No, ‘Dyin’ does not rhyme with ‘lion’. If we change the pronunciation of lion by speaking it as ‘lying’ then it may rhyme with the word ‘dyin’.
A lion is a large and tawny beast. A Bengal Tiger has black stripes on its yellow coat. A lion roars when it falls upon its prey, while a tiger attacks silently. We can identify the two while roaming in the jungle.
The words ‘lept’ and ‘lep’ are not spelt correctly. The poet has spelt them like this in order to maintain the rhythm of the poem. The correct spelling of the words, ‘lept’ is leapt and ‘lep’ is leap. The poet has intentionally spelt them incorrectly to create a sense of humour.
A bearhug is when the bear hugs his prey tightly with both hands and presses him to death.
There are indeed similar expressions and popular ideas about wild animals in every language. For example, in Hindi, we say ‘Magarmach ke aansu aaana’ (Crocodile tears) ‘Haathi ke daant dikhane ke aur, khane ke aur’, ‘Ab pachtaye hot kya jab chidiya chug gai khet’, ‘Girgit ke tarah rang badalna’.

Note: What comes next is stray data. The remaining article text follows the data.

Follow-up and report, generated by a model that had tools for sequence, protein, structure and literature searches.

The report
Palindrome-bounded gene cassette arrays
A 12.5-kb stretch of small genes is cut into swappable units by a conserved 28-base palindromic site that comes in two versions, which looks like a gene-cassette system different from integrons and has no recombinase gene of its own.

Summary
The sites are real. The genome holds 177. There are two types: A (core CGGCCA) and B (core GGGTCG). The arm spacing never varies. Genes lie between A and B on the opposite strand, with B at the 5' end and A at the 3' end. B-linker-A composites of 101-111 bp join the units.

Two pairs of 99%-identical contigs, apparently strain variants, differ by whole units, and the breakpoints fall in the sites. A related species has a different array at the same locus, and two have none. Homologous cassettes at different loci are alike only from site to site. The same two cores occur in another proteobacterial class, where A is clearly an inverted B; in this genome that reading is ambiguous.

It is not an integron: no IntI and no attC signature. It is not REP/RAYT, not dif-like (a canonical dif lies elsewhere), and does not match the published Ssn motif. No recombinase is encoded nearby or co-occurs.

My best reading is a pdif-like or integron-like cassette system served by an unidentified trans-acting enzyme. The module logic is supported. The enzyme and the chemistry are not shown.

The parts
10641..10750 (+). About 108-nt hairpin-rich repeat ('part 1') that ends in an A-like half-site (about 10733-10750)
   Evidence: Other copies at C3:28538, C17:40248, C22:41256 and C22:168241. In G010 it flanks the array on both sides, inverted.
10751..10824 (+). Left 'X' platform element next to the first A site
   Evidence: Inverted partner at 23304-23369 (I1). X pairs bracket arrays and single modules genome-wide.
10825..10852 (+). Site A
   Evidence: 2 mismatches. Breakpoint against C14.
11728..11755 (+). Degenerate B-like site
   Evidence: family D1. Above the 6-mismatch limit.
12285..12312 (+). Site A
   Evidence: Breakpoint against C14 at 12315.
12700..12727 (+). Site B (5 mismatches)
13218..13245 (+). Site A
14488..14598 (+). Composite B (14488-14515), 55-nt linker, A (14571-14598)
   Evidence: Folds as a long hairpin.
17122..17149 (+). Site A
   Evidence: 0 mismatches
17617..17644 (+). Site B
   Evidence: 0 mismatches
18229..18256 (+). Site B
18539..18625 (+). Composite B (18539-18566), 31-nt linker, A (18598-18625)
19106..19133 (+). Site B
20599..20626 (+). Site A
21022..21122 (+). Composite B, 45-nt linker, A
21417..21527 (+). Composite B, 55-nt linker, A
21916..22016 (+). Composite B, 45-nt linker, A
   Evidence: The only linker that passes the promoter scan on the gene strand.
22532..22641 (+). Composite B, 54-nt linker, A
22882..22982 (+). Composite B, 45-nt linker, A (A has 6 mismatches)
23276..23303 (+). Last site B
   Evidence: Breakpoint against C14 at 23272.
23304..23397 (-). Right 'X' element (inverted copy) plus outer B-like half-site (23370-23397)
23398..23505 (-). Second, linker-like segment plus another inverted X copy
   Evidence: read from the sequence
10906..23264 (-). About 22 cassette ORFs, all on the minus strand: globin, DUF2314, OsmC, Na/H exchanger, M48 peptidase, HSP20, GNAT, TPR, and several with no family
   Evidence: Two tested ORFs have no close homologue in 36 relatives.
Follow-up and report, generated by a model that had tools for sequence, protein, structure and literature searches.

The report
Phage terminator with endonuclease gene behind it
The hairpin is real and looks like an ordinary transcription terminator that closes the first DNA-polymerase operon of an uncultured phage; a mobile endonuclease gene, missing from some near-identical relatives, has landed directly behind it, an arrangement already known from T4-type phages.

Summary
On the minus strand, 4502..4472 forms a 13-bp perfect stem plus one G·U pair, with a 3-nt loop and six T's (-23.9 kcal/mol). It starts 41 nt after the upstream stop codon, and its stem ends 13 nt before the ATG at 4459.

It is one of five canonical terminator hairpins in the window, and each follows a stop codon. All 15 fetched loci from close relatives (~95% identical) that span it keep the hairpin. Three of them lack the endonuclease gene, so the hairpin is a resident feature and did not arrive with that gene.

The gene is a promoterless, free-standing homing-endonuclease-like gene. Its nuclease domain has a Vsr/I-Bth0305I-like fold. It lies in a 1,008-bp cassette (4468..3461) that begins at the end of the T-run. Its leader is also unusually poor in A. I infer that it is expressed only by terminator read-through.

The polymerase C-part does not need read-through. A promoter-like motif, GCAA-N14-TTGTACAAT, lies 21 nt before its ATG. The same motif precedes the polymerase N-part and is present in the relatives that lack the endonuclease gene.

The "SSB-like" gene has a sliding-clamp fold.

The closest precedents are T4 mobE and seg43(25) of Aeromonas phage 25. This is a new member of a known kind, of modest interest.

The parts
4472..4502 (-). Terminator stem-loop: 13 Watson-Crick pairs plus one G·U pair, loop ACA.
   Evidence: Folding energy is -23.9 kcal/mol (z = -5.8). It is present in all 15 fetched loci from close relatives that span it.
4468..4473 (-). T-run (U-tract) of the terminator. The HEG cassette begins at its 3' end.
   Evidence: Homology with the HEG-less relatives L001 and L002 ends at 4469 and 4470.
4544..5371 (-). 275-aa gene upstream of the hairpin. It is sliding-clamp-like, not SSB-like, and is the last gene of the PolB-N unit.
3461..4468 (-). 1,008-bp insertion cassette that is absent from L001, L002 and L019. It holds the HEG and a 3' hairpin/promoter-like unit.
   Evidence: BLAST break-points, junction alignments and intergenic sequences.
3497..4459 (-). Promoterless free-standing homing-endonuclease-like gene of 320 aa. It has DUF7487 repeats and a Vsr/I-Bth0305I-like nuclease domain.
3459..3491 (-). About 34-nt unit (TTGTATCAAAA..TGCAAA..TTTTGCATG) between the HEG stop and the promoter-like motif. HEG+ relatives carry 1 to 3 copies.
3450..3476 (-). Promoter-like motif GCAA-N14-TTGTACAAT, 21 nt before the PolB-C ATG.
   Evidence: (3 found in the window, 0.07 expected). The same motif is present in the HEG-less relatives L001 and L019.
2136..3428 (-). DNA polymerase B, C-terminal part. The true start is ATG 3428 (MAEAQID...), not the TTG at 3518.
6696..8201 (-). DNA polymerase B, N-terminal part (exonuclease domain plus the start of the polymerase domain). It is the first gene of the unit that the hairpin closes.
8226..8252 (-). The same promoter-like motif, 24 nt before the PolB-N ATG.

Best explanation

The line “A novice might nonplus” can be written correctly as “A novice might be nonplussed”. However, the poet’s incorrect line is better in the poem as it maintains the rhyme scheme of the poem. By writing it incorrectly, ‘nonplus’ rhymes with ‘thus’.
One can find plenty of examples in poetry where poets take liberties with language. This is called ‘poetic licence’. Poets take such liberties in order to create proper rhyming and rhythm. For example, in the following lines the word ‘prest’ is used instead of ‘pressed’ so that it may rhyme with ‘breast’.
A tree whose hungry mouth is prest Against the earth’s sweat flowing breast
The way the poet has used language and ideas in the poem is indeed humorous. The lines from the poem that appears to be funny are “A noble wild beast greets you”. The idea that a wild beast is going to welcome you is quite funny. The language in the line, “He’ll only lep and lep again” is also very humorous. The concept of ‘lep’ from the word ‘leopard’ generates humour